Providence, RI was brisk and bright this afternoon as I collected my registration materials for the Americans for the Arts NAMP Conference. I did not attend today's Pre-Conference sessions, but did have an opportunity to get involved in one of the Dine Arounds. There were a few topics to choose from, and I signed up to grab dinner and hear Tegy Thomas' perspective on using technology to inspire and involve creative minorities in the work that we as arts organizations are doing.
The nine of us attending this particular dinner quickly discovered that our particular restaurant was not very conducive to an informal talk from a single person--the result being that I don't have anything to share on that particular topic. Among our immediate table-mates, however, we were able to have some pretty thought-provoking and exciting debates and discussions about the usage of technologies in building audiences, interpreting art, experiencing art, driving organizations to new missions, and much more (including Canadian sports and "The Well").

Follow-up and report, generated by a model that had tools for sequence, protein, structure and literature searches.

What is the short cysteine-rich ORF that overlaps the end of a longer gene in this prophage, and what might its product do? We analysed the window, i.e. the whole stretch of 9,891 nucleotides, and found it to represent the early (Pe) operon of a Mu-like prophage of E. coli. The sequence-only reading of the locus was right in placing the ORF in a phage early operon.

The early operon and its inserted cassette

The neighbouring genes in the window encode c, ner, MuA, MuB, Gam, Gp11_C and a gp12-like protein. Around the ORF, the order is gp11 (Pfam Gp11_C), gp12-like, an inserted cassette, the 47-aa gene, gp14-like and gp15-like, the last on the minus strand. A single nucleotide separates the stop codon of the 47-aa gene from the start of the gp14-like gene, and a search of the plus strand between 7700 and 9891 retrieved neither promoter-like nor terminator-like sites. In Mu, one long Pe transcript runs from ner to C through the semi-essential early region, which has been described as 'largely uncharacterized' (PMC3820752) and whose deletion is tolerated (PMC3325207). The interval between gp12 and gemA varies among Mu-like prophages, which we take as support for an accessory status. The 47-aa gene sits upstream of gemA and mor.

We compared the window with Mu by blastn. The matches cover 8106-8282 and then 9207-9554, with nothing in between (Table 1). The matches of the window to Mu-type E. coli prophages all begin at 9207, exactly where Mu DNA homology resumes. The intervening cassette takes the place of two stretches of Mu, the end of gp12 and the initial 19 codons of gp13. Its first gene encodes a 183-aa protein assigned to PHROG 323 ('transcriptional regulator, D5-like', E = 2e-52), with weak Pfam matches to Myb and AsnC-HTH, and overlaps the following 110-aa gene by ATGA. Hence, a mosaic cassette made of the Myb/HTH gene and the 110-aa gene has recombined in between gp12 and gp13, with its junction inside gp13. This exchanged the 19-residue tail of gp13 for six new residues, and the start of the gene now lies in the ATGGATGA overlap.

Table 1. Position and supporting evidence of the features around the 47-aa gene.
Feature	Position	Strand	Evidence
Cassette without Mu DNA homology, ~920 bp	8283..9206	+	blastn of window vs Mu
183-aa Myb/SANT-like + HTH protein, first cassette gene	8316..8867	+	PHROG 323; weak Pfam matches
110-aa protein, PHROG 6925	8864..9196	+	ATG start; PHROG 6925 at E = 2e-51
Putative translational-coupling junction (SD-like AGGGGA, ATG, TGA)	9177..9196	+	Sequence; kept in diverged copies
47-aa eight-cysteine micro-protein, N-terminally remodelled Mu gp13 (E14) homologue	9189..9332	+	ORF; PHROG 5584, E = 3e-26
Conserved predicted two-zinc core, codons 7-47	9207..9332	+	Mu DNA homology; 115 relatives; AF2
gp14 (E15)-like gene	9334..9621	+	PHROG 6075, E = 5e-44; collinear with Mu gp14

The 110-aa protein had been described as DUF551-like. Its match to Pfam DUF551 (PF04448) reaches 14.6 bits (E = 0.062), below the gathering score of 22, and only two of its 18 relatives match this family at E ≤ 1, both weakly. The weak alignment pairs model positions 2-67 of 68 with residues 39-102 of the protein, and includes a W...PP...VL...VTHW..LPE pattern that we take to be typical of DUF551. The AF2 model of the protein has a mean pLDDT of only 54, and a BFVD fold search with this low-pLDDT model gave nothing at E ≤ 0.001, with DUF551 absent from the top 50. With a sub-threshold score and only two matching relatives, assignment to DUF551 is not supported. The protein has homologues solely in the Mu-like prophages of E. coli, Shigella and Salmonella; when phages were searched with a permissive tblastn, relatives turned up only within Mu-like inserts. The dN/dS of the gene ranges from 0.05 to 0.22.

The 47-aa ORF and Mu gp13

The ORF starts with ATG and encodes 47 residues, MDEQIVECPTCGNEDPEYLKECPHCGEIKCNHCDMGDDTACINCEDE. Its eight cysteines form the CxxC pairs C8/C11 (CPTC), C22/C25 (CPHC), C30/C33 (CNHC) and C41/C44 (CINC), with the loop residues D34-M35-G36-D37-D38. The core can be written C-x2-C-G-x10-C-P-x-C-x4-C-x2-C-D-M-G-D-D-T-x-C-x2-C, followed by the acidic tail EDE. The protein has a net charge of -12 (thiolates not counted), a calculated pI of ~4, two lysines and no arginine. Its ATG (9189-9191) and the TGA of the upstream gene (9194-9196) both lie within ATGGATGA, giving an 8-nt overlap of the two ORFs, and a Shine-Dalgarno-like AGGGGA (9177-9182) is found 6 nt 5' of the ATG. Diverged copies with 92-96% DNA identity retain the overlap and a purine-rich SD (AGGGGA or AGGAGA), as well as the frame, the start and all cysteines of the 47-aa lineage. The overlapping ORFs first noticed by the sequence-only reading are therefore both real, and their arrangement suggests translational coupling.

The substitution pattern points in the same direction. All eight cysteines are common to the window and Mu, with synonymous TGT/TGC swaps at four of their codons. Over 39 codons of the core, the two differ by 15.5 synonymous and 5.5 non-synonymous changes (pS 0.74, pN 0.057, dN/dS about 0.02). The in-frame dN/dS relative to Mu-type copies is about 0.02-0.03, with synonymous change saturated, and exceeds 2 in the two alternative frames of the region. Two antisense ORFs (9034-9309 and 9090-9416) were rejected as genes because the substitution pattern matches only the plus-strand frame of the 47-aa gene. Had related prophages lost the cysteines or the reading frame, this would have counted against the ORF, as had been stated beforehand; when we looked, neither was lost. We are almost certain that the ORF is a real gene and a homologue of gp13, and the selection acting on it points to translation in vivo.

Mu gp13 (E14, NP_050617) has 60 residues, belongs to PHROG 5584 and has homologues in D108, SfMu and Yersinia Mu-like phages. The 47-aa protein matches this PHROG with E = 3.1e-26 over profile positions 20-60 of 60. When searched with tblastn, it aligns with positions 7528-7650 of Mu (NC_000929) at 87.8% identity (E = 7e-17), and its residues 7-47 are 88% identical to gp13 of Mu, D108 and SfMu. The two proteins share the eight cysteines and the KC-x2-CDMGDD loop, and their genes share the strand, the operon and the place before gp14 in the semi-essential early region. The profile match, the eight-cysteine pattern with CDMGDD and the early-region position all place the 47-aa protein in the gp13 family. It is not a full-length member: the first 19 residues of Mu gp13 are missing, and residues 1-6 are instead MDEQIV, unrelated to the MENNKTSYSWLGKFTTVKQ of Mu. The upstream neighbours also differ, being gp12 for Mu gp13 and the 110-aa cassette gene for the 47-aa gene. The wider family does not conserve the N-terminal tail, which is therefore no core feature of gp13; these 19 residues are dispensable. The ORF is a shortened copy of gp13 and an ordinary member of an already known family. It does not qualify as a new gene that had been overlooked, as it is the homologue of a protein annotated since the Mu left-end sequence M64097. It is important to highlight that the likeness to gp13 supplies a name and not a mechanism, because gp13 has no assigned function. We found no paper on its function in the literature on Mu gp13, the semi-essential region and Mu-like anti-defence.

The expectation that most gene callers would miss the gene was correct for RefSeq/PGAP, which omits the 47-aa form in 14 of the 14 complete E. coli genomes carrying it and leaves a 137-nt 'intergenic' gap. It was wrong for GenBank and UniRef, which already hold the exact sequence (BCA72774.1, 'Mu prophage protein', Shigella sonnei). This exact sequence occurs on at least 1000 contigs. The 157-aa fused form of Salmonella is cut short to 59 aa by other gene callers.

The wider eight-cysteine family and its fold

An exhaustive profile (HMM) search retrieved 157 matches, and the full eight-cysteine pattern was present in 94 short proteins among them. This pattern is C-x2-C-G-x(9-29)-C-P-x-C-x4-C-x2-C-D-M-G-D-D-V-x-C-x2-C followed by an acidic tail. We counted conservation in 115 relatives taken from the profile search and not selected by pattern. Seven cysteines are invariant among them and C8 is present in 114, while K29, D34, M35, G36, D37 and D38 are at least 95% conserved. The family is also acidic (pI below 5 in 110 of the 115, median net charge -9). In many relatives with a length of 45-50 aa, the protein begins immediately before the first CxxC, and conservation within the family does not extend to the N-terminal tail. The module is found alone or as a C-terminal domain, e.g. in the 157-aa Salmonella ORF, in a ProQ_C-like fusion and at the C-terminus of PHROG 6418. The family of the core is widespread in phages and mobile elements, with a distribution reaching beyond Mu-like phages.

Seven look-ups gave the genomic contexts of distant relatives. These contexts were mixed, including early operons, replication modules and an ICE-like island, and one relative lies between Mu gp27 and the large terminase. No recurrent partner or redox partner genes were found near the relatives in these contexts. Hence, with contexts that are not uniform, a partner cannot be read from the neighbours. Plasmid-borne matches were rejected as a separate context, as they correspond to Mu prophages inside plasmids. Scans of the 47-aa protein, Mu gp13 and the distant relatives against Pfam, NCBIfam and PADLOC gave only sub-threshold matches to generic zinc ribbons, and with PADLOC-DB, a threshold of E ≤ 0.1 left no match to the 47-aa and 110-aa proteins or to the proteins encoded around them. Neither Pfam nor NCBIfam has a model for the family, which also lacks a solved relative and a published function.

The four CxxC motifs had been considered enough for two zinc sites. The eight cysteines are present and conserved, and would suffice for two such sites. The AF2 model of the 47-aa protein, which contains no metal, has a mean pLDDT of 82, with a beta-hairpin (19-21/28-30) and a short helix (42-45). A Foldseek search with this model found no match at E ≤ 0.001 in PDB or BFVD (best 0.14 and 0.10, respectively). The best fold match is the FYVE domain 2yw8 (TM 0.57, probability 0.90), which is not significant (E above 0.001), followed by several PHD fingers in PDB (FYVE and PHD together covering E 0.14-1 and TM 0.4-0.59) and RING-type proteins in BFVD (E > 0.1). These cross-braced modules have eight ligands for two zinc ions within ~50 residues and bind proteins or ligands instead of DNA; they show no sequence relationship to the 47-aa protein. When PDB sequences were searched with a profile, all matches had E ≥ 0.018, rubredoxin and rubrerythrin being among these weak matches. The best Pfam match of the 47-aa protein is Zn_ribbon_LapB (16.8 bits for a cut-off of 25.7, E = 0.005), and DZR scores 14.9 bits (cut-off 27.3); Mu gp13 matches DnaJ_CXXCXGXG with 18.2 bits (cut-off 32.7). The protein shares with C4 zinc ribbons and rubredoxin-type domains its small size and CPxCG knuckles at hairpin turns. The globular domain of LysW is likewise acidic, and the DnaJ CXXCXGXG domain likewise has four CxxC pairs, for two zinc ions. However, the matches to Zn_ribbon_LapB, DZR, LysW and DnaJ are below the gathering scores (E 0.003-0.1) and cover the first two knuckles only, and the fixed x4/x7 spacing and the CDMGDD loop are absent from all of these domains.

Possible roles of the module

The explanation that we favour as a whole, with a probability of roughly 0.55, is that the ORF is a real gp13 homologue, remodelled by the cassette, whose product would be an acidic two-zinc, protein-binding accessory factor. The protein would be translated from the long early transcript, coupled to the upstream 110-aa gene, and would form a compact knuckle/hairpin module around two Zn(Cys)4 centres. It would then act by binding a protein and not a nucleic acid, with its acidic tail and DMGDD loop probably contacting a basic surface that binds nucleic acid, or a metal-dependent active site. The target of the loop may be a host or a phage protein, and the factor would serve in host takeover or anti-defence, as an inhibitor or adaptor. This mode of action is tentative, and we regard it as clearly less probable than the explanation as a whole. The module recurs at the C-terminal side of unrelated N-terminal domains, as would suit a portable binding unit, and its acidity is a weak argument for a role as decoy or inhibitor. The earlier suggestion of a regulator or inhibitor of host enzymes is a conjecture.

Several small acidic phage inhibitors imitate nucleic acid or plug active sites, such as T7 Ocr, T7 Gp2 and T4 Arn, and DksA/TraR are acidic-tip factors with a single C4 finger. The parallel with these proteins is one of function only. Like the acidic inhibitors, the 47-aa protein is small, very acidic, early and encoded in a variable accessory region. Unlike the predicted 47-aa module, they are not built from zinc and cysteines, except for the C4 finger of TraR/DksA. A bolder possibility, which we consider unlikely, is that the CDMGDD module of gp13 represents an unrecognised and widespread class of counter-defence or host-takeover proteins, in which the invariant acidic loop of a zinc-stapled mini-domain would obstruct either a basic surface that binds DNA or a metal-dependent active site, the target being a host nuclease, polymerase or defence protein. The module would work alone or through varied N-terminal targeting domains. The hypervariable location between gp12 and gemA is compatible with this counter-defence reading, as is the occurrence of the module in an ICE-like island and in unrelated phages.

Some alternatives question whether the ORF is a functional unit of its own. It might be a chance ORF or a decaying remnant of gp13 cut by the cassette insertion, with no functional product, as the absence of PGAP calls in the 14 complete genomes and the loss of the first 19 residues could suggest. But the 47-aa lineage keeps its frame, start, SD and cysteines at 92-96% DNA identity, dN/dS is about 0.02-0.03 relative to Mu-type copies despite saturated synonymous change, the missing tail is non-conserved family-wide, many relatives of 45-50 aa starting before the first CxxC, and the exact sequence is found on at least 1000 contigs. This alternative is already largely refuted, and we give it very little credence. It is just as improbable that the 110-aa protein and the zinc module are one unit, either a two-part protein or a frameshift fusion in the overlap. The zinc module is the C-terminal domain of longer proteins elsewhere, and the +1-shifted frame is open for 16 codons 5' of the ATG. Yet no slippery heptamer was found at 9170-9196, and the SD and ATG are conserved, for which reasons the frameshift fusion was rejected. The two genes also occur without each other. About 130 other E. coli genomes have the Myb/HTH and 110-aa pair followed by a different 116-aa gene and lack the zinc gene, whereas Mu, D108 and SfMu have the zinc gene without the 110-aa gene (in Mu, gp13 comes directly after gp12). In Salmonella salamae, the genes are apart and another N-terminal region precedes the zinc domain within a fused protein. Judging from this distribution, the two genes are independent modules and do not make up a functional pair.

At one point the hypothesis was posed that technology contributes to younger generations' view of the world as comprised of disposable things. The modern world, it seems, lacks a permanence that the world pre-virtual reality once had. Because technology advances so rapidly, what was once new quickly becomes obsolete (I just experienced that this month with a terrifically ill-timed iMac purchase, but that's another story). Thus, the generations of children and young adults who have come to expect the "relevant" to be fleeting and fickle, may find it difficult to relate to the unchanging reliability of a museum's permanent collection.
This is the thought I leave you with this evening: if we push to integrate technology into the museum experience, are we sending the message that art can no longer endure in and of itself, but must be processed with contemporary mediums that can be relied upon to change as technology advances? (Is this just another way of, for example, setting a Shakespeare play in late-twentieth-century California to "highlight the universality of the work" or "make it relevant"?)